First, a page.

February 3, 2012 | Unregistered CommenterRandomeister

    Not sure I agree (obviously) and apparently not the organizers either. I have found two accounts that Berg won the "best game" prize, both in Swedish, but nothing yet on the official site. I did find this picture of Berg from the prize giving ceremony on a Swedish blog:
    http://kungstornet.schack.se/wp-content/uploads/2012/02/20120202-230438.jpg

    [DM: In Berg's favor is that he was the lower-rated player notching the scalp. It's not really relevant to the game's quality, but maybe the judge or judges valued the trendier opening. Other than that, I don't see any argument in favor of B-VL over Y-S, though I'm happy to agree that both games were interesting, impressive and well-played by the winner. (But VL did not play well at all, which is a big part of the reason why I greatly prefer the other game.)]

    February 3, 2012 | Unregistered CommenterRandomeister

    It is absurd and unfair to give Nigel Short the entire 20,000 pound first prize, versus 12,000 for Hou Yifan, just for winning the blitz playoff. Playoffs should be for indivisible items, like trophies. If they want to give the winner of the playoff a small bonus, as happens at the World Open, that's one thing. But this makes a mockery of the whole event. They play 9 rounds of serious chess at a slow, one round per day schedule, and then base a payout of 8,000 pounds on the results of a couple of 10 minute games. How do they get away with this nonsense?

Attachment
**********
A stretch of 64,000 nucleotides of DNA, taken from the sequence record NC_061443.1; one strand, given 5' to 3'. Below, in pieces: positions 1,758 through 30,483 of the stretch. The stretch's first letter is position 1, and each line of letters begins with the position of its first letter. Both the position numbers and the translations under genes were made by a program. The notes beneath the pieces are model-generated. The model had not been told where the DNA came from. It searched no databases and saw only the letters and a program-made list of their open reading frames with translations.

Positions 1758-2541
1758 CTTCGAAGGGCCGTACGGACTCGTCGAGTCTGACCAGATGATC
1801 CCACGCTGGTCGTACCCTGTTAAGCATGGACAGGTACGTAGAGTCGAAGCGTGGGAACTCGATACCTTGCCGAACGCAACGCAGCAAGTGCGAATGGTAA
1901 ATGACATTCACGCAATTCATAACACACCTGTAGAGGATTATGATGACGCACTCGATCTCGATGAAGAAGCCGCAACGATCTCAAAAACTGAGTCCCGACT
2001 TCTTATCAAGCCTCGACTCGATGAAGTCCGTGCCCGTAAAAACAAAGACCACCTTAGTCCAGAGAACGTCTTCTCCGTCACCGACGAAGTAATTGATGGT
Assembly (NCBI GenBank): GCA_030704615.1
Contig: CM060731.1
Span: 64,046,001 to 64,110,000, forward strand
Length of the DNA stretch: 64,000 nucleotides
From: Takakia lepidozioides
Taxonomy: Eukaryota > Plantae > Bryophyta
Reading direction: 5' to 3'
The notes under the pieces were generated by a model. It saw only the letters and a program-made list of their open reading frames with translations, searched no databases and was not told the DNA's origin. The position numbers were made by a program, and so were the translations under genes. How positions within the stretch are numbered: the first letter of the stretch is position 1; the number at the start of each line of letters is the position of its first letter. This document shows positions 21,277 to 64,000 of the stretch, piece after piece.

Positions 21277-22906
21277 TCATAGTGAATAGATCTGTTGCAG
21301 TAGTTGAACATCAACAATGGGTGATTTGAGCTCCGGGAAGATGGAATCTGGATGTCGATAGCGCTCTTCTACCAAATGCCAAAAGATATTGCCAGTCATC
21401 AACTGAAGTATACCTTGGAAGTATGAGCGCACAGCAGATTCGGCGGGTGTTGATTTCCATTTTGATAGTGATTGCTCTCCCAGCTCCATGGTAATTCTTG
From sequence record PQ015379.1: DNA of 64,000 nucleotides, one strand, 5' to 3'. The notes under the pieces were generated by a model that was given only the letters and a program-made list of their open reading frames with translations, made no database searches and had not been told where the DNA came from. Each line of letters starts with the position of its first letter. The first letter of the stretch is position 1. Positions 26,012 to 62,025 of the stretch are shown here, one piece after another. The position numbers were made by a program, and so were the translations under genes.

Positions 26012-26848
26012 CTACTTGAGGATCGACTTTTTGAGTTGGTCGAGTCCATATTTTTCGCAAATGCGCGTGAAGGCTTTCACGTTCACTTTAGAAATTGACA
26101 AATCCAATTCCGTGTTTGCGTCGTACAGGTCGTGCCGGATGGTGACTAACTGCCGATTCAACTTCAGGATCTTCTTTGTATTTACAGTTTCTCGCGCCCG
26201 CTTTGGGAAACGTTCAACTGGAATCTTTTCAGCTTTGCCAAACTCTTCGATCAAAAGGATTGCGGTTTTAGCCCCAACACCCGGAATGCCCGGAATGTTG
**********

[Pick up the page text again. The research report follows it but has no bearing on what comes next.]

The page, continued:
[DM: Since the top players didn't pay entry fees (did they?) and knew (or could have known) the prize structure in advance, I don't think there's much of an issue about "getting away" with anything. That said, I agree that the difference is bizarre, absurd and a pity.]

    February 3, 2012 | Unregistered CommenterSParker

    Blitz tiebreaks with lots of money at stake may be absurd or bizarre, but it was often like this in Gibraltar (last year was rather an exception as Ivanchuk finished in clear first place). So the players could have known even if they haven't studied the regulations. I don't remember anyone complaining, also not when Nakamura won blitz tiebreaks (San Sebastian, Rising Stars vs. Experience, something else?) - so this time it may be a matter of the "wrong" person winning!?